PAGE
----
The telephones and addresses don’t matter for the solution described here, because it only looks at the client names and tries to find patterns there. To explore the client names, just import the csv files in excel and delete the other columns. Remove duplicates, sort and you’ll see that a lot of the names group nicely together. There’s no need to use anything fancy to achieve that, but now we have to make the computer comprehend that some of the strings look really similar.
To do that, we can use a python library called difflib. It allows us to do approximate string matching. The solution described here involves no machine learning, just a data prep script which tries to cluster client names with similar spelling.
- Read the unique client name strings from the 3 source csv files.
- Extract the first tokens of these strings (everything up until the first space). Nearly all of the client names start the same, the variation appears to be mainly after the first word. If we want to find similarities efficiently, we shouldn’t complicate the job of the fuzzy string matching function, by passing the full strings to it.
- Do approximate string comparisons between all of the tokens. If it turns out that some tokens are really close, assign the same number to them.
- Tokens which weren’t matched to anything else but themselves are assigned to cluster zero. If manual curation of the results has to be done, cluster zero is where it should start, because that’s where all the strings which didn’t fit anywhere else are.
- The result is saved to a tab-delimited csv file. It has two columns, the client names and the cluster numbers assigned to them by the script.
The Code : Client Name Clusterizer
Results : Client Clusters
- Number of distinct client name strings before clustering : 129,332
- Estimated number of clients: 8083
- Time to process on an average laptop: ~1 h 20 min.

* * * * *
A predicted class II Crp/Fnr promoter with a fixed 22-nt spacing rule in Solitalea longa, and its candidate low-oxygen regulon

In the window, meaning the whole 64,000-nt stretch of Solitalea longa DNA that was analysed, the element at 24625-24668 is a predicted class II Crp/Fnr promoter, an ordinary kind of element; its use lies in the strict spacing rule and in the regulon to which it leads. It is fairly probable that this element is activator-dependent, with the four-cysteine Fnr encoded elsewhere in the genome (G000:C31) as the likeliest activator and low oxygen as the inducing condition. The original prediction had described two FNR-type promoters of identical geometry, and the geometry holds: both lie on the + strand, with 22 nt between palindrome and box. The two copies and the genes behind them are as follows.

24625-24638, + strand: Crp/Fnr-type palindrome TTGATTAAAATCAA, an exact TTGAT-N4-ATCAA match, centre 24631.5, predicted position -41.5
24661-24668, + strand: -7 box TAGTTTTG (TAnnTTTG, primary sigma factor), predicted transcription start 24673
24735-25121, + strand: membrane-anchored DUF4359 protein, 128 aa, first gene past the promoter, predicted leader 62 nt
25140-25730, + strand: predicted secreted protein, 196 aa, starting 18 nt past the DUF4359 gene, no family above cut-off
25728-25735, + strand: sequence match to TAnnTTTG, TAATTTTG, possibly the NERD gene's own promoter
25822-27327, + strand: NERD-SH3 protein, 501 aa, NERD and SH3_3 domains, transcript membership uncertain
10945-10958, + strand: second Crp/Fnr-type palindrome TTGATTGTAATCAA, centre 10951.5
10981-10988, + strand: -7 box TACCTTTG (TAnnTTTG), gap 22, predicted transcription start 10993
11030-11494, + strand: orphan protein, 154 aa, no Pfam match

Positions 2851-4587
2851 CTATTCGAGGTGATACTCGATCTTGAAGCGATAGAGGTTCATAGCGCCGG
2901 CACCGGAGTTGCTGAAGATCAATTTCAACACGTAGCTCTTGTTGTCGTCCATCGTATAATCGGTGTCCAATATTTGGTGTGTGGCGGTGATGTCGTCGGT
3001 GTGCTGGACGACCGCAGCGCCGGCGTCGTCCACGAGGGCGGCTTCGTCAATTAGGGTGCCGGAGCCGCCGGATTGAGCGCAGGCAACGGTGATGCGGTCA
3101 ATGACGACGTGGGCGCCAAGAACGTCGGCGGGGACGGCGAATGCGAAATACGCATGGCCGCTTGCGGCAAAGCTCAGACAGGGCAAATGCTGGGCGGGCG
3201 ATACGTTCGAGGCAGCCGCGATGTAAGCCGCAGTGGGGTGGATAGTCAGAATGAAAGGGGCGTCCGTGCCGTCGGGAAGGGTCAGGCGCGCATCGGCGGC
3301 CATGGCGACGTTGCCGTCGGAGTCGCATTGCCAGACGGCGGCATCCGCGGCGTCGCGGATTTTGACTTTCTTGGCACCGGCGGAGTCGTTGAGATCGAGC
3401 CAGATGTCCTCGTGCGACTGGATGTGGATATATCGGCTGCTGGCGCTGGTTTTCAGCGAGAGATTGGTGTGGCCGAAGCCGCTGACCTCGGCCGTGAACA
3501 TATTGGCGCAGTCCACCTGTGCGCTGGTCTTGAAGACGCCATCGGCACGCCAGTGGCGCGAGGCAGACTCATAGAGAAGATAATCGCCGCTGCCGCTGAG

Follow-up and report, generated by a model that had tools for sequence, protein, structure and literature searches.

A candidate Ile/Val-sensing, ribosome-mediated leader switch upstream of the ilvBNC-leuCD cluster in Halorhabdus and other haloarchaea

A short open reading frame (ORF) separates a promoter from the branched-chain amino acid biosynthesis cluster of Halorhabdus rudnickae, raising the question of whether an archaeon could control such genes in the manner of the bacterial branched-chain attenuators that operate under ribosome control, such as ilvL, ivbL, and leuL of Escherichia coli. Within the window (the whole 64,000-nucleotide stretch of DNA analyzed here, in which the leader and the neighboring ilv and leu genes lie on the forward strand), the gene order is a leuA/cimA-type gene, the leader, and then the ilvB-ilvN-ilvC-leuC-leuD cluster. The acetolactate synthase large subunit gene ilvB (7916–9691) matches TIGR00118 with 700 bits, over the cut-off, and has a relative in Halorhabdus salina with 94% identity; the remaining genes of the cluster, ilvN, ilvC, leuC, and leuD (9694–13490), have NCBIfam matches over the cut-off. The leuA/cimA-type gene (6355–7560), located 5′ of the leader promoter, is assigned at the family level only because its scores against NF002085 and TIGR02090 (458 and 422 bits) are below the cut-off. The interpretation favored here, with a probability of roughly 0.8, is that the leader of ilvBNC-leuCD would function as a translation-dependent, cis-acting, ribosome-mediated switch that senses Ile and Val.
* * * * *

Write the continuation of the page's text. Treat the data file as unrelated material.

- The difflib comparison function uses a number between 0 and 1 to indicate the strength of a match.
The documentation of difflib says ratios above 0.6 indicate that the pair of strings are close. Ratios above 0.7 were used in this solution and this is the only parameter, which is intended to be tuned.
- The cluster csv file can be used as a mapping table to assign unique IDs to the clients. It can be done as part of the solution, but keeping the cluster file separate has one benefit. If uploaded to a database, it can easily be joined with the client tables via the name column. The strings have been lowercased, but besides that they are the same as the originals, misspellings and all. This way there can be a buffer between the clusterization process and the operational business environment.
- Looking at the results, it’s obvious that there are a lot of people names mixed in with the company names. The only reliable way to identify and remove these would be to lookup each string in a list, which enumerates human names. This step isn’t part of the solution shown here, but it can be added if necessary.
- Another way to improve the output would be to tokenize the words in a more sophisticated manner, instead of just splitting by space. It’s simple and efficient, but it leads to results like this:
1003 adecco / garnishments
1003 adecco staffing usa
1003 adecco usa
1003 adecco usa inc
1003 adecco usa, inc.
The approximate string matching function wasn’t able to cope with this.
If you want to dive deeper into the solution of the case, watch a replay of Martin’s presentation on YouTube: https://youtu.be/rY_6WrvYgb4